Domestic partnerships would remain for senior couples in which at least one partner is 62 years old or older. That provision was included by lawmakers in 2007 to help seniors who don’t remarry out of fear they could lose certain pension or Social Security benefits.

At this time, six states plus the District of Columbia recognize marriage for same-sex couples under state law: Connecticut, Iowa, Massachusetts, New Hampshire, New York and Vermont.      Nine states — California, Delaware, Hawaii, Illinois, Nevada, New Jersey, Oregon, Rhode Island and Washington — provide same-sex couples with access to the state level benefits and responsibilities of marriage, through either civil unions or domestic partnerships. Same-sex couples do not receive federal rights and benefits in any state.

The anti-gay National Organization for Marriage (NOM) has pledged $250,000 to work against Republicans who vote for a proposed gay marriage law in Washington state.

“It’s fairly incredible that some legislators would try to legalize homosexual marriage so soon after giving same-sex couples all the rights and privileges of marriage through domestic partnerships,” said NOM President Brian Brown in a statement. “This effort proves that the question is not one of rights but preserving marriage as a child-focused institution that has served families since the dawn of time.”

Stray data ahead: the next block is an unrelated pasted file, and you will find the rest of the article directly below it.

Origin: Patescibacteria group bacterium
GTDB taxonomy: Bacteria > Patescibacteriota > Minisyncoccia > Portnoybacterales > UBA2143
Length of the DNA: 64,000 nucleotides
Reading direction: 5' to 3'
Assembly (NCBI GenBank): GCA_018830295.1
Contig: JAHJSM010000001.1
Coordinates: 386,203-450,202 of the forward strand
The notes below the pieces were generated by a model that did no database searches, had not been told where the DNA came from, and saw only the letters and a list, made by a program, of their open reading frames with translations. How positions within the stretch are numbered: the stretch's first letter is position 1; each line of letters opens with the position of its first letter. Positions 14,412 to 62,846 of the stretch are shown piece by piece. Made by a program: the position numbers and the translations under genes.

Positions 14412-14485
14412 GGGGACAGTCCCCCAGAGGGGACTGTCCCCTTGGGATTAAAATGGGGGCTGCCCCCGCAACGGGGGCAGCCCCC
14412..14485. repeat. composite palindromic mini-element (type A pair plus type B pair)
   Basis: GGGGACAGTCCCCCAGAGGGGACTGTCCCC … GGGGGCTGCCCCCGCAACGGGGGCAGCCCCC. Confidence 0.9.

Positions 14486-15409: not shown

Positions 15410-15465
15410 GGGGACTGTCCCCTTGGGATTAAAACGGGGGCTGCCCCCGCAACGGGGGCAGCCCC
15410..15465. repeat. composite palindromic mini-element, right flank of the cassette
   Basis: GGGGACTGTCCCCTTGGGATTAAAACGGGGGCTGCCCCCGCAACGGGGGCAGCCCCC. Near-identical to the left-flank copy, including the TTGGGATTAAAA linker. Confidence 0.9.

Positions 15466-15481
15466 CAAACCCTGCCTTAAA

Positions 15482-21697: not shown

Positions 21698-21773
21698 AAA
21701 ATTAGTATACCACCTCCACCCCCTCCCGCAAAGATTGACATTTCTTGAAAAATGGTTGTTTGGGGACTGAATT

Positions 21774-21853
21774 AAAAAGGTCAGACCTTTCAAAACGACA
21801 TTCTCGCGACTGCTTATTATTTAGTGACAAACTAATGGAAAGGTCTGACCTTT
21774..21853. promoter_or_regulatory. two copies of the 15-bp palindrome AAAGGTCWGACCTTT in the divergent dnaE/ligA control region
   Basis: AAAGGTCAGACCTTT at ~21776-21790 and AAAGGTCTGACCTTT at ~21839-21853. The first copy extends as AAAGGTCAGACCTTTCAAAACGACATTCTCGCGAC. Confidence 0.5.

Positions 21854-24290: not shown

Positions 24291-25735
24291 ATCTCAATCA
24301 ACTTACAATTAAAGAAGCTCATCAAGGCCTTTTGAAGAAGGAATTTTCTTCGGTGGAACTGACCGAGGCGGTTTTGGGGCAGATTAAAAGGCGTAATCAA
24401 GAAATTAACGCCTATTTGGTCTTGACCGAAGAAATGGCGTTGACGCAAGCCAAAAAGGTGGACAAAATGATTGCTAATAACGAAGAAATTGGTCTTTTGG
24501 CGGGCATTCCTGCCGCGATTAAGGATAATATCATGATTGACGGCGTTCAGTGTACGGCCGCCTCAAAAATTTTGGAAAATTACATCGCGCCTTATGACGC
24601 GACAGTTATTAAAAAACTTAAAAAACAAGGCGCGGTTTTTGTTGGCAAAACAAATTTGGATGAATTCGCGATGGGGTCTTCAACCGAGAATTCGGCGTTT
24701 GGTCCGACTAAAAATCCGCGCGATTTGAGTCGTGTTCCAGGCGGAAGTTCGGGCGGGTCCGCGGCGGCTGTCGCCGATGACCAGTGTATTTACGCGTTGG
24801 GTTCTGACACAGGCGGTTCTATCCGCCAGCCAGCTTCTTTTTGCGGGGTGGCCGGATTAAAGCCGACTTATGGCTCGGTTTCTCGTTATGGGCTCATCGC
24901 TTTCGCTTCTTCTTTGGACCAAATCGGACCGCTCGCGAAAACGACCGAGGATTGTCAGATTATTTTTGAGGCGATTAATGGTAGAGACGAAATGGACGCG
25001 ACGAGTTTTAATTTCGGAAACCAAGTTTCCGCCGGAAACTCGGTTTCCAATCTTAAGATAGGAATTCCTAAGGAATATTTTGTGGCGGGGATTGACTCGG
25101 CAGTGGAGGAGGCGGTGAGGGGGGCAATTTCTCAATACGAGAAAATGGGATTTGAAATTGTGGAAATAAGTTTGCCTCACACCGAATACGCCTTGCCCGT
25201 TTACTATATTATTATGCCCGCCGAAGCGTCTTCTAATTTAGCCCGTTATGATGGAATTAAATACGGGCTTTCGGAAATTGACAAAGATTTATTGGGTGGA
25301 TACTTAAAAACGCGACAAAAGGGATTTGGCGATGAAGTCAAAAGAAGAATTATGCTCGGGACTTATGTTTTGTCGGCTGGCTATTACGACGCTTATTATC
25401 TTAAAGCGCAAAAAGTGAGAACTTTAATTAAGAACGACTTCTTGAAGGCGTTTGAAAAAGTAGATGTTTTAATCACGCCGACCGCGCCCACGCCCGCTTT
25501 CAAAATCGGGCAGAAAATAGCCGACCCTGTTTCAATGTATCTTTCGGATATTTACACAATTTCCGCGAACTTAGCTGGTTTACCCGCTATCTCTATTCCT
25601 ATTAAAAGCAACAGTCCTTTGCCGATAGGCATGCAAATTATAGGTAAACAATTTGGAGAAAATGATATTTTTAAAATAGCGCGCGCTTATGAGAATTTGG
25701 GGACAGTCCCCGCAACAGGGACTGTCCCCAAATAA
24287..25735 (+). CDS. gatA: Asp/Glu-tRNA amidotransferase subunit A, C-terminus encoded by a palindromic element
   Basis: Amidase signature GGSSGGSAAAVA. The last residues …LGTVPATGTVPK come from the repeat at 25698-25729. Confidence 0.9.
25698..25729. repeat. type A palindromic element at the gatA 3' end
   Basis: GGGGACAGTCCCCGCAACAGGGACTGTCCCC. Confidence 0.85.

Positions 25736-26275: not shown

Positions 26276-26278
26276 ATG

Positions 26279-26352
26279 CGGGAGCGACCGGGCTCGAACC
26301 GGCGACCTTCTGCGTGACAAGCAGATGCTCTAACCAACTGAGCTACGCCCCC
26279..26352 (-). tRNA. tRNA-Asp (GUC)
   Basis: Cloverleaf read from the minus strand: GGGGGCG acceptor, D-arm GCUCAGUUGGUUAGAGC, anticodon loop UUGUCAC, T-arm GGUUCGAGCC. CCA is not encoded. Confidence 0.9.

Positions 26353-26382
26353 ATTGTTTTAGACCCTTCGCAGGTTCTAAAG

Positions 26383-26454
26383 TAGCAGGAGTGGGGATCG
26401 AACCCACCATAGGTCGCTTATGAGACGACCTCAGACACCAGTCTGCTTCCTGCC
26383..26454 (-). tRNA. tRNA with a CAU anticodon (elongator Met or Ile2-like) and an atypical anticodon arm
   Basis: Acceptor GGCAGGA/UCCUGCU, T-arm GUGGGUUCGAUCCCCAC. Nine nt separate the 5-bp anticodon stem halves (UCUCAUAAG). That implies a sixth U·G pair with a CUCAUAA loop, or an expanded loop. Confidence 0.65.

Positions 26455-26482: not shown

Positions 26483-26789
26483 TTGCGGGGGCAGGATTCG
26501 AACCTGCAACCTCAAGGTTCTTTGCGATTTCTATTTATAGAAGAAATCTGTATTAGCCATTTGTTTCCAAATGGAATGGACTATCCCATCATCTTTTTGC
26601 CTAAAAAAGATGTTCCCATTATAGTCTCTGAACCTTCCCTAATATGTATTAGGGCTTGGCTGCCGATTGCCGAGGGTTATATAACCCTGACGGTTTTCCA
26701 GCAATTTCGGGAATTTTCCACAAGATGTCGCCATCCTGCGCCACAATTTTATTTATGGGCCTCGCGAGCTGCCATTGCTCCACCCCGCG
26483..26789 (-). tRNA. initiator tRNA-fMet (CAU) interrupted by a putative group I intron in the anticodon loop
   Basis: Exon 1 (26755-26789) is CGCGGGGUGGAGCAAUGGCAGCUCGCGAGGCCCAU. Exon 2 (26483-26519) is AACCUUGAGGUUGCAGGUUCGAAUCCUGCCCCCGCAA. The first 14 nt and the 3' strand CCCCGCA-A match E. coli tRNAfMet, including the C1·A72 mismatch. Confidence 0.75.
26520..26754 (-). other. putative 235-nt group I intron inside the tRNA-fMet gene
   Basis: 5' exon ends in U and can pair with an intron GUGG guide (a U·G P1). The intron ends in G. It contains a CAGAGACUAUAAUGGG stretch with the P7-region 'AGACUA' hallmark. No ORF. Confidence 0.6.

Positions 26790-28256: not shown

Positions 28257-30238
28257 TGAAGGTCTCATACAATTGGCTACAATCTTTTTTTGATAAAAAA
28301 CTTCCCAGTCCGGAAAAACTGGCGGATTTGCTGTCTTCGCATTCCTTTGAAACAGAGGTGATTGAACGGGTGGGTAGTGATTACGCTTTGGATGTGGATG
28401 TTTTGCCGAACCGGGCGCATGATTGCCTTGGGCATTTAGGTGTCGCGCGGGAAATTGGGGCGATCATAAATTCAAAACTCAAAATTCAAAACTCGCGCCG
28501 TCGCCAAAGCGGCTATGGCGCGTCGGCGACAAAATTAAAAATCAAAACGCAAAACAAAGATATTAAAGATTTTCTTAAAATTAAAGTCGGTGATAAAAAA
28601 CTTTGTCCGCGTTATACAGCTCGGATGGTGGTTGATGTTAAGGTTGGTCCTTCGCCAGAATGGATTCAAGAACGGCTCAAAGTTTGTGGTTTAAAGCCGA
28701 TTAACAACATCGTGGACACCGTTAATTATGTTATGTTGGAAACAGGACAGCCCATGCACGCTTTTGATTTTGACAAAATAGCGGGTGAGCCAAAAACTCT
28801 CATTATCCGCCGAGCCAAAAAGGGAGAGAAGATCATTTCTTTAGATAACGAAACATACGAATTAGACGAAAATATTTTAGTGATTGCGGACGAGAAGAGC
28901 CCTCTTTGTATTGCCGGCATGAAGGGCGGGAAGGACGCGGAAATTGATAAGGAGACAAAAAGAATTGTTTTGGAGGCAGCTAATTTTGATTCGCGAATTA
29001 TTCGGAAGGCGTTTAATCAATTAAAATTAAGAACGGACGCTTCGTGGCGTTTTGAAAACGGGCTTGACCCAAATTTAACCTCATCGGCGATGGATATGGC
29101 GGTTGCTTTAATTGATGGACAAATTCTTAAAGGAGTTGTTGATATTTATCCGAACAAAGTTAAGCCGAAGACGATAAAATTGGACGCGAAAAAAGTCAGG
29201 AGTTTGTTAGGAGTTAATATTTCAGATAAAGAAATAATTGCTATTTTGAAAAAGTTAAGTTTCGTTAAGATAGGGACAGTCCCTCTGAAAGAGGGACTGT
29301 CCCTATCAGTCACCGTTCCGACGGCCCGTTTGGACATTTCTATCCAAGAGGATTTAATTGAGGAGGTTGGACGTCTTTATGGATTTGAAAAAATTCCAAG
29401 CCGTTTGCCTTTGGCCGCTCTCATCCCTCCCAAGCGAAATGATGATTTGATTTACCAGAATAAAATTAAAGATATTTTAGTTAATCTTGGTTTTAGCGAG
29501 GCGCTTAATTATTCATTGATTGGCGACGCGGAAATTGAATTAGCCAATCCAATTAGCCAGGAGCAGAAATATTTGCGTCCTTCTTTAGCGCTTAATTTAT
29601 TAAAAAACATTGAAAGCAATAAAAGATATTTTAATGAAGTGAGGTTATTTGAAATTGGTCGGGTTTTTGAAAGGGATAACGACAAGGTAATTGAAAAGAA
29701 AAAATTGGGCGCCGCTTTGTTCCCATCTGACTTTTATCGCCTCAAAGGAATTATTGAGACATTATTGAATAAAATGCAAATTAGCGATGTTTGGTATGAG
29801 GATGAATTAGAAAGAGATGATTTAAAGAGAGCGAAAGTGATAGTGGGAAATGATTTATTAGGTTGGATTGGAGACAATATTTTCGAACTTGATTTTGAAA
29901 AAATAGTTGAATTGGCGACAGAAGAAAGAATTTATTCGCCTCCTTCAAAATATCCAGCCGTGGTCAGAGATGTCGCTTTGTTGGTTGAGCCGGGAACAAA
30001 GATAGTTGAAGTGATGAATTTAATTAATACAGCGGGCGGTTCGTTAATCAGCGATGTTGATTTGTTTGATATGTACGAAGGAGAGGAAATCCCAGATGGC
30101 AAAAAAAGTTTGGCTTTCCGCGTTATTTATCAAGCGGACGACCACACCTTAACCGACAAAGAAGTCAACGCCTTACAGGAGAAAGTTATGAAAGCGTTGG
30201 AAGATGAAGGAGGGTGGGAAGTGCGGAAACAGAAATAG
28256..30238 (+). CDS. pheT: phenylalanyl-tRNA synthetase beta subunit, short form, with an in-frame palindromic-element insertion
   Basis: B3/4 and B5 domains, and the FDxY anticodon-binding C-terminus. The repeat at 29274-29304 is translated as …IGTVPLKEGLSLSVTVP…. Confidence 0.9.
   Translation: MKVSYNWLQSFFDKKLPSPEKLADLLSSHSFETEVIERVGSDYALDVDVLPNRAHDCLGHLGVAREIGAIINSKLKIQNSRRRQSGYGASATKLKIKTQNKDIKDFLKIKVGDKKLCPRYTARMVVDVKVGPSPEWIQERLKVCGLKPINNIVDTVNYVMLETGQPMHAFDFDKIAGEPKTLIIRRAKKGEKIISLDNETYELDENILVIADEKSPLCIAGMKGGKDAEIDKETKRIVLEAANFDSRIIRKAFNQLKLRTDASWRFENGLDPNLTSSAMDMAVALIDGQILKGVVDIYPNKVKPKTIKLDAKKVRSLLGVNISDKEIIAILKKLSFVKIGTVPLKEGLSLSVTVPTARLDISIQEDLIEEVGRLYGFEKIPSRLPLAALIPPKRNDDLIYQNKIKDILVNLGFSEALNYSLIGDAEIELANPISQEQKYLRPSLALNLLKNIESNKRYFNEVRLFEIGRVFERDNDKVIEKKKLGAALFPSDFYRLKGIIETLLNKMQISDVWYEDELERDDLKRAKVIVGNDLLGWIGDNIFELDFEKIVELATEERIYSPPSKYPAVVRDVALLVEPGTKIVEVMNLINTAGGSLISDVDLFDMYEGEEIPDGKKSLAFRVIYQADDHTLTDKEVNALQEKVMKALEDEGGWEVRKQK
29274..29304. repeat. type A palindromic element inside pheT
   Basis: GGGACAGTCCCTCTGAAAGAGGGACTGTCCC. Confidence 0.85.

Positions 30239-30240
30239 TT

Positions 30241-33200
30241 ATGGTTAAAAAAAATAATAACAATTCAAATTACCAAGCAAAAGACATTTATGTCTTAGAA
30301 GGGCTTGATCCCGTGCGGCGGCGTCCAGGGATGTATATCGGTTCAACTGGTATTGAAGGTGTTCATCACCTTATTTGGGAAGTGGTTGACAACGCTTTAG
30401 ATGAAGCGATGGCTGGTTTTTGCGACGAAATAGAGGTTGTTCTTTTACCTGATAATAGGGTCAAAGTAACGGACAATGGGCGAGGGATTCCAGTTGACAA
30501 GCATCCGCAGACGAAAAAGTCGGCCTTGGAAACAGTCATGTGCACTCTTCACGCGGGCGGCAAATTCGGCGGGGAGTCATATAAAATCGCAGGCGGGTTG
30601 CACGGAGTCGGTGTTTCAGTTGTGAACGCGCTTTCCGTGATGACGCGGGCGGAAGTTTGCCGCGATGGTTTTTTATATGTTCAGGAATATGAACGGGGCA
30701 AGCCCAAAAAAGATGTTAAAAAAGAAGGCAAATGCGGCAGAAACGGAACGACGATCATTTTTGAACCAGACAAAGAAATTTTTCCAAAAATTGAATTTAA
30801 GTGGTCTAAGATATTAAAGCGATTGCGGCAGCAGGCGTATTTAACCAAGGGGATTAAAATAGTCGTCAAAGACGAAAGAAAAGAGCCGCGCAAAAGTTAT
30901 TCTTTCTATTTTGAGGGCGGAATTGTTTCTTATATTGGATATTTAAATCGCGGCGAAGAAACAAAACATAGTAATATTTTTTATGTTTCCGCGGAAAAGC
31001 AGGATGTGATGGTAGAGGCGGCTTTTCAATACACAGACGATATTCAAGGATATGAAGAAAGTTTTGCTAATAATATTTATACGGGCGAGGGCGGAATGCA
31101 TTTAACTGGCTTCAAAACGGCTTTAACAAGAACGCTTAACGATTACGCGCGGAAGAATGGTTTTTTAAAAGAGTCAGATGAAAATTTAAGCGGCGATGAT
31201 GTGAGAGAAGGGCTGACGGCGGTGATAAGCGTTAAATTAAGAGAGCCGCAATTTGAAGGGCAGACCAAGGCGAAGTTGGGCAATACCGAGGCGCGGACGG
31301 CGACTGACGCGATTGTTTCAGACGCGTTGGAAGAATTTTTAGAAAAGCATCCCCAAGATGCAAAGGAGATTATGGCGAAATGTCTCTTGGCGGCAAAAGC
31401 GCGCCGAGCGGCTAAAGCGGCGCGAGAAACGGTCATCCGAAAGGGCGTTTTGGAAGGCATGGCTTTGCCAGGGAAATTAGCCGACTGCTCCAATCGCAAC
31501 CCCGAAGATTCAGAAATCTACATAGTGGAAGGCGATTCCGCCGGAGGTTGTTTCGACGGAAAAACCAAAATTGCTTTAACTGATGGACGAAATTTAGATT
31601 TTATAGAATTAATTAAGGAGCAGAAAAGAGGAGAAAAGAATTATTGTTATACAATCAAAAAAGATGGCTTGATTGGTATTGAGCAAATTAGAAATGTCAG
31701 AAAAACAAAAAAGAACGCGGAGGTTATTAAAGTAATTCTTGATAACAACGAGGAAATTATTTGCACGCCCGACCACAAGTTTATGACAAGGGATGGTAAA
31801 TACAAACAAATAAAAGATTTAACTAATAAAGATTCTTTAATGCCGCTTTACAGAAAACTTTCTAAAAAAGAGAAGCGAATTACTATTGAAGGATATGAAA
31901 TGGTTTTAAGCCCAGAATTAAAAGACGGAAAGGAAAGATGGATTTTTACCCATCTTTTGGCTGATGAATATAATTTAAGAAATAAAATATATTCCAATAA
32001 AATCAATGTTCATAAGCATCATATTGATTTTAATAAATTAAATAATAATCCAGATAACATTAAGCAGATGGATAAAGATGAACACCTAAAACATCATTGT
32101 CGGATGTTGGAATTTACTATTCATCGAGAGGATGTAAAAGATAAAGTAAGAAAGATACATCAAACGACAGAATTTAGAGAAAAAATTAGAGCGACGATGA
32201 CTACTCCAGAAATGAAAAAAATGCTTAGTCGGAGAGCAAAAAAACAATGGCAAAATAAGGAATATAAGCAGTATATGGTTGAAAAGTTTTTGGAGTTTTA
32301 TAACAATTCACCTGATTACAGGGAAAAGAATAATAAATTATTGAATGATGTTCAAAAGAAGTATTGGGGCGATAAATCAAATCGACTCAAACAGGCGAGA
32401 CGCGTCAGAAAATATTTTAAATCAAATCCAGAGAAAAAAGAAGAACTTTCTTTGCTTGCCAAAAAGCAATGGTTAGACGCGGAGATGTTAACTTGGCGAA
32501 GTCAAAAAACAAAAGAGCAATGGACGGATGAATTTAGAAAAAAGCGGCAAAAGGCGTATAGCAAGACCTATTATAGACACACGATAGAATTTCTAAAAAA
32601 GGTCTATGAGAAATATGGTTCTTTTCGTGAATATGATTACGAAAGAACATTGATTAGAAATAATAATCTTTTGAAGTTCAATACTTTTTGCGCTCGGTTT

This article appeared in the Dallas Voice print edition January 20, 2012.

—  Kevin Thomas

Houston legislators Coleman, Farrar announce plan to re-introduce Dignity for All Students Act

State Reps. Garnet Coleman of Houston, left, and Mark Strama of Austin

State Reps. Garnet Coleman and Jessica Farrar, both Houston Democrats, on Friday released a joint statement announcing their intention to once again file the Dignity for All Students Act when the 2011 Texas Legislature comes into session, saying that “recent news reports have highlighted the necessity for such legislation.”

The news reports the statement references revolve around the recent suicides of teens who had been bullied and harassed because of their actual or perceived sexual orientation, including 13-year-old Asher Brown of Houston, who shot himself to death on Thursday, Sept. 23.

The Dignity for All Students Act would prohibit discrimination and harassment in public schools on the basis of ethnicity, color, gender, gender identity or expression, sexual orientation, disability, religion or national origin.  It would also prohibit discrimination based on association with a person, and protects both the parents of students and whistleblowers who may report incidents of discrimination or harassment.